• bef. 950; Middle English bolle, Old English bolla; cognate with Old Norse bolli. See boll

bowl2  (bōl),USA pronunciation n. 
  1. Sportone of the balls, having little or no bias, used in playing ninepins or tenpins.
  2. Sportone of the biased or weighted balls used in lawn bowling.
  3. Sportbowls, (used with a sing. v.) See  lawn bowling. 
  4. Sporta delivery of the ball in bowling or lawn bowling.
  5. (formerly) a rotating cylindrical part in a machine, as one to reduce friction.

  1. Sportto play at bowling or bowls;
    participate in or have a game or games of bowling.
  2. Sportto roll a bowl or ball.
  3. to move along smoothly and rapidly.
  4. Sport[Cricket.]to deliver the ball to be played by the batsman.

  1. to roll or trundle, as a ball or hoop.
  2. Sportto attain by bowling:He bowls a good game. She usually bowls a 120 game, but today she bowled 180.
  3. to knock or strike, as by the ball in bowling (usually fol. by over or down).
  4. to carry or convey, as in a wheeled vehicle.
  5. Sport[Cricket.]to eliminate (a batsman) by bowling (usually fol. by out):He was bowled for a duck. He was bowled out for a duck.
  6. bowl over, to surprise greatly:We were bowled over by the news.
  • Latin bulla bubble, knob; compare boil1, bola
  • Middle French
  • late Middle English bowle, variant of boule 1375–1425

Collins Concise English Dictionary © HarperCollins Publishers::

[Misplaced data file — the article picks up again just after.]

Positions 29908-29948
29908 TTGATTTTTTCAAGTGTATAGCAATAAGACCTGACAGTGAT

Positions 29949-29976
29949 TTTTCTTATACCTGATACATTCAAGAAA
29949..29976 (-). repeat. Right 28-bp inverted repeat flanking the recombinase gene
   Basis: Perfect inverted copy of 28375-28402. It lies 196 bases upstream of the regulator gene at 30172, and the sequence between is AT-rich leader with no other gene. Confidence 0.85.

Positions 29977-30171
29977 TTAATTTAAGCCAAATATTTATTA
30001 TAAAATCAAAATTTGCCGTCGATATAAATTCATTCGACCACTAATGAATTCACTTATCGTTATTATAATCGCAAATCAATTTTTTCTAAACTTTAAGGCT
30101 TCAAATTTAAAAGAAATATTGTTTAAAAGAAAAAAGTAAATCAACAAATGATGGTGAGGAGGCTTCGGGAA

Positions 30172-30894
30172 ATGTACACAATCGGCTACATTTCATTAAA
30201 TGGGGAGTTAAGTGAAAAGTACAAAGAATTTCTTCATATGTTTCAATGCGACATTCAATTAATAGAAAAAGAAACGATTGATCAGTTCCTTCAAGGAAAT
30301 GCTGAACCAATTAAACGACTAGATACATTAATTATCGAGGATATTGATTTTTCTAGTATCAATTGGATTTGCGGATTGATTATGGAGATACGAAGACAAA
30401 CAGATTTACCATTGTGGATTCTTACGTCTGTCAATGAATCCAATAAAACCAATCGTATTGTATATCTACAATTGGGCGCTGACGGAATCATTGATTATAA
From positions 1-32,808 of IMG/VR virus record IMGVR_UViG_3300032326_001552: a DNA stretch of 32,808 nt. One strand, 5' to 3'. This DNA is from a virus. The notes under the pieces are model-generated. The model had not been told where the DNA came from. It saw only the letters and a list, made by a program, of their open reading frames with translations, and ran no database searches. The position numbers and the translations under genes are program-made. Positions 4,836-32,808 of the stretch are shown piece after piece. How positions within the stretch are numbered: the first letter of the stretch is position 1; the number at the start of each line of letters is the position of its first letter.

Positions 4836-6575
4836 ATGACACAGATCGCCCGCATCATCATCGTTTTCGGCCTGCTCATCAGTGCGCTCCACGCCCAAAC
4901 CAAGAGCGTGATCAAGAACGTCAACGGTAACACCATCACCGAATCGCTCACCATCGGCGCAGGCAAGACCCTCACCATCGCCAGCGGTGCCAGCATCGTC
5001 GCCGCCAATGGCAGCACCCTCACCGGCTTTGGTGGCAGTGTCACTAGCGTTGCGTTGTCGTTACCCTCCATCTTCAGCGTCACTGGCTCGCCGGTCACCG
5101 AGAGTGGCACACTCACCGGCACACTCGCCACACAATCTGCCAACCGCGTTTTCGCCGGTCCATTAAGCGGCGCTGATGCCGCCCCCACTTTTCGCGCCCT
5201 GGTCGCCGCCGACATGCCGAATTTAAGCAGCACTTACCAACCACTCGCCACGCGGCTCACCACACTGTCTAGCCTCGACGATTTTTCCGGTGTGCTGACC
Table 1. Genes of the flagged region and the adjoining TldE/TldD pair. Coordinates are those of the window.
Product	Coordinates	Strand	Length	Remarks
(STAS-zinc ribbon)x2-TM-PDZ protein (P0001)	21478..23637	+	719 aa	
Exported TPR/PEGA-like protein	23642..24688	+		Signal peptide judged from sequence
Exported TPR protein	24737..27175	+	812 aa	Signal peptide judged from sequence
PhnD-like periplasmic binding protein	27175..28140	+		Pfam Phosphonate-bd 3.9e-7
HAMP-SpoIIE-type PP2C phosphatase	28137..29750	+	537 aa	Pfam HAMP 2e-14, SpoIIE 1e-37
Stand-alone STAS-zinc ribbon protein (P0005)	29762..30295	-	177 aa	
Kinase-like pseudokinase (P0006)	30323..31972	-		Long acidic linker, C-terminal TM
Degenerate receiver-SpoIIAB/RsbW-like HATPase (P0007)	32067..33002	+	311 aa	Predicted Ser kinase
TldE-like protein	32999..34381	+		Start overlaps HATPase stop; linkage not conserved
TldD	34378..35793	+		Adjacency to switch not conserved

bowling /ˈbəʊlɪŋ/ n
  1. any of various games in which a heavy ball is rolled down a special alley, usually made of wood, at a group of wooden pins, esp the games of tenpin bowling (tenpins) and skittles (ninepins)
  2. the game of bowls
  3. the act of delivering the ball to the batsman

bowl /bəʊl/ n
  1. a round container open at the top, used for holding liquid, keeping fruit, serving food, etc
  2. Also: bowlful the amount a bowl will hold
  3. the rounded or hollow part of an object, esp of a spoon or tobacco pipe
  4. any container shaped like a bowl, such as a sink or lavatory
  5. chiefly US a bowl-shaped building or other structure, such as a football stadium or amphitheatre
  6. a bowl-shaped depression of the land surface
  7. literary a drinking cup
Etymology: Old English bolla; related to Old Norse bolli, Old Saxon bollo
bowl /bəʊl/ n
  1. a wooden ball used in the game of bowls, having flattened sides, one side usually being flatter than the other in order to make it run on a curved course
  2. a large heavy ball with holes for gripping with the fingers and thumb, used in tenpin bowling
  1. to roll smoothly or cause to roll smoothly, esp by throwing underarm along the ground
  2. (intransitive) usually followed by along: to move easily and rapidly, as in a car
  3. to send (a ball) down the pitch from one's hand towards the batsman, keeping the arm straight while doing so
  4. Also: bowl out to dismiss (a batsman) by delivering a ball that breaks his wicket
  5. (intransitive) to play bowls or tenpin bowling
  6. (transitive) (in tenpin bowling) to score (a specified amount)

See also bowl over, bowlsEtymology: 15th Century: from French boule, ultimately from Latin bulla bubble

'bowling' also found in these entries: